Profiteering in a pandemic

The Rind is one of many Sacramento restaurants relying on third-party delivery services to stay in business. (Photo courtesy of Region Restaurants)

Essay: Struggling restaurants are being gouged by greedy delivery services. Sacramento should cap their fees.

By Dylan Hubka and Joshua Wood

Due to COVID-19, the locally owned, independent restaurants that make Sacramento the Farm-to-Fork Capital of America are facing the worst economic crisis in the history of the industry.

The heart-wrenching result is the permanent closure after closure of the staple restaurants that defined our region. For those restaurants still trying to survive, they have been forced to rely on third-party food delivery services such as DoorDash, Grubhub or Uber Eats.

But the record profits of this new monopoly were too difficult to resist, so these services drastically raised fees on restaurants, with reports of some being charged as much as 57% on orders. This is why cities across the country have temporarily capped third-party delivery service fees at 15%. The city of Sacramento needs to do the same.

“There is an obvious and ethical difference between a profit and profiteering by price gouging during a pandemic.”

Now, let’s be crystal clear: As a trade association representing restaurants, we believe in free enterprise. But we are not in a time of free enterprise or even a normal crisis. We are addressing a once-in-a-century pandemic with a series of necessary government mandates that have resulted in crushed livelihoods.

We want third-party delivery services to make a profit, even a good one. But there is an obvious and ethical difference between a profit and profiteering by price gouging during a pandemic.

By enacting a commission cap for these delivery services, Sacramento restaurants and the community will directly benefit. Delivery services will continue to receive a fair and respectable source of revenue, while restaurants can maintain their meager profits. A limit on fees could save hundreds of restaurants and save thousands of jobs, bolstering Sacramento’s economy.

Dylan Hubka is policy director of Region Restaurants, a trade association of local independent restaurants affiliated with the Sacramento Region Business Association.

The good news is that we don’t have to reinvent a solution. Sacramento is not the only city facing this dilemma. Los Angeles, San Francisco, Santa Cruz, Boston, Seattle and other cities are also seeing their restaurants struggle to survive. Like Sacramento, they have had third-party delivery services take advantage of their restaurants. However, these cities have not accepted these predatory business practices.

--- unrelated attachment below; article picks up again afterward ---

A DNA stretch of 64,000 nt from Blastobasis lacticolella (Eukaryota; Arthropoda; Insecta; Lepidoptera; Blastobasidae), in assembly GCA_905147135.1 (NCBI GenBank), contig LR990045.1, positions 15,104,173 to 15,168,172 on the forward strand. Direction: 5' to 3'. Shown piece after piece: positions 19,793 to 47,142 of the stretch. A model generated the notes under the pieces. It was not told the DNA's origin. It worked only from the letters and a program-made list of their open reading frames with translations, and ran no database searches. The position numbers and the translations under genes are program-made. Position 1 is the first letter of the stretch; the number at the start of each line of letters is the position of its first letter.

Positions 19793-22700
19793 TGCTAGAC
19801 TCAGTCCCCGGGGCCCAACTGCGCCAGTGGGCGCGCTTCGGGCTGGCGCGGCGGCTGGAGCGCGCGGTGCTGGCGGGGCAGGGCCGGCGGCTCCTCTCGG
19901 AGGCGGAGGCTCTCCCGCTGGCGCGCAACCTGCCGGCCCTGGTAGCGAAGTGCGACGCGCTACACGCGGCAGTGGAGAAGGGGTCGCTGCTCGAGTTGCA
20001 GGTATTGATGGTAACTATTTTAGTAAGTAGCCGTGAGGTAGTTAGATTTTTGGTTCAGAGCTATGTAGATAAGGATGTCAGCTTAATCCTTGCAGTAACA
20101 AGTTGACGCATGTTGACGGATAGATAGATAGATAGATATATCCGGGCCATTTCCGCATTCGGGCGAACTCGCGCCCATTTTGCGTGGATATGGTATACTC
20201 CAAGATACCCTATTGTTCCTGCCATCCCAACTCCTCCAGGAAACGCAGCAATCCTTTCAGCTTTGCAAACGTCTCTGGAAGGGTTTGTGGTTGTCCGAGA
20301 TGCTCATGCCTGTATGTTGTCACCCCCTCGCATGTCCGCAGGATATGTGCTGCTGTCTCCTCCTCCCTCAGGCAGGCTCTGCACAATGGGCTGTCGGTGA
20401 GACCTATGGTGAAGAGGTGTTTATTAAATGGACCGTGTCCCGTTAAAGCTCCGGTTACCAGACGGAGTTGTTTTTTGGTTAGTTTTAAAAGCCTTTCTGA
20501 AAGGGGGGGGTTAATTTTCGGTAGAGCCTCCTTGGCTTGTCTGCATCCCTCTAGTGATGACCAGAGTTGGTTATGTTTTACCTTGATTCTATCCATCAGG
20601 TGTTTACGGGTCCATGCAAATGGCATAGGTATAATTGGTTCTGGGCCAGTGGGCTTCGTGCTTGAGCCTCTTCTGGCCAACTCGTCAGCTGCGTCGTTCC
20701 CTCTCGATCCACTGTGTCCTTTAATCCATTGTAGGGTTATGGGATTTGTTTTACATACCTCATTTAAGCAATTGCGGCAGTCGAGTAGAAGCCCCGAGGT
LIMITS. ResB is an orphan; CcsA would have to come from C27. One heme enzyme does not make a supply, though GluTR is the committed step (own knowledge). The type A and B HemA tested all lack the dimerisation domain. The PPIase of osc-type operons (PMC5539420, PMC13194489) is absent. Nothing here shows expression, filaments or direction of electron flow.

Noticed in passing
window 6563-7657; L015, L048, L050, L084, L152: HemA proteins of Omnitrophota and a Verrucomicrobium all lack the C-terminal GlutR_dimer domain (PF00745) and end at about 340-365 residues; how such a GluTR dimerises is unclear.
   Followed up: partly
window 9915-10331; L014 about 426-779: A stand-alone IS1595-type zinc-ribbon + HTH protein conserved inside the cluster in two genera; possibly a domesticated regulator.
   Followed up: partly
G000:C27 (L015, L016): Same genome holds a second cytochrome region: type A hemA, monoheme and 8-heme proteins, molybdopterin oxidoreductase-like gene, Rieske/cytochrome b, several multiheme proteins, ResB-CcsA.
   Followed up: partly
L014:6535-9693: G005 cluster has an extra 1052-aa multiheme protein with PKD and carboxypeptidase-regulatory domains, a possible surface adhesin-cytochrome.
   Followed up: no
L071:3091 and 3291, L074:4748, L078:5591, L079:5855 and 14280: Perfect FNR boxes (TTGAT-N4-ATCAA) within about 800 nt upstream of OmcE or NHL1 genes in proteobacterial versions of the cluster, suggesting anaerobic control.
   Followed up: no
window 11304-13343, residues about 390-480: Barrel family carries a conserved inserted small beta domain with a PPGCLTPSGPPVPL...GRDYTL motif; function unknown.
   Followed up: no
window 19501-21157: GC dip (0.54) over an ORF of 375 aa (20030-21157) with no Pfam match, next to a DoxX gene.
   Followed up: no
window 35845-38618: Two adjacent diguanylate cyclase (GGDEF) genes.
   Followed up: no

To protect the financial well-being of their restaurants, each city has enacted or is considering a 15% cap on third-party delivery service commissions. These cities’ swift actions can and be a clear example of what Sacramento should do.

We considered asking for a 10% cap. After all, delivery services are taking advantage of our restaurants during these heartbreaking times. But the fees, in their own right, are not bad. We understand the need for these companies to be profitable and hope they can be long-term. However, having these fees go unchecked during a global pandemic is unfair and callous toward restaurants.

A 15% cap on third-party delivery services is fair. It will greatly strengthen our restaurants that are facing an uncertain financial future. Sacramento needs to act quickly, unless officials are willing to allow the Farm to Fork Capital to set down its “fork” forever.

Joshua Woods is executive director of Region Restaurants

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1 Comment on "Profiteering in a pandemic"

  1. Moody Foodie | May 14, 2020 at 9:22 am | Reply

    Honestly, I think all of these delivery services should be charging a flat fee, and get no more than one dollar per transaction during the pandemic. The rest of the money should go to a) the restaurant making the food (via the cost of menu items) and b) the delivery driver (via tip). A third-party provider shouldn’t be getting rich while local businesses and the locals who are doing all the work for them are getting laid off or having their tips confiscated by the third-party service they’re working for. We all know these delivery services don’t pay their drivers well, and don’t profit-share with restaurants, so cutting the middle man down to size is key to keeping the food industry moving.

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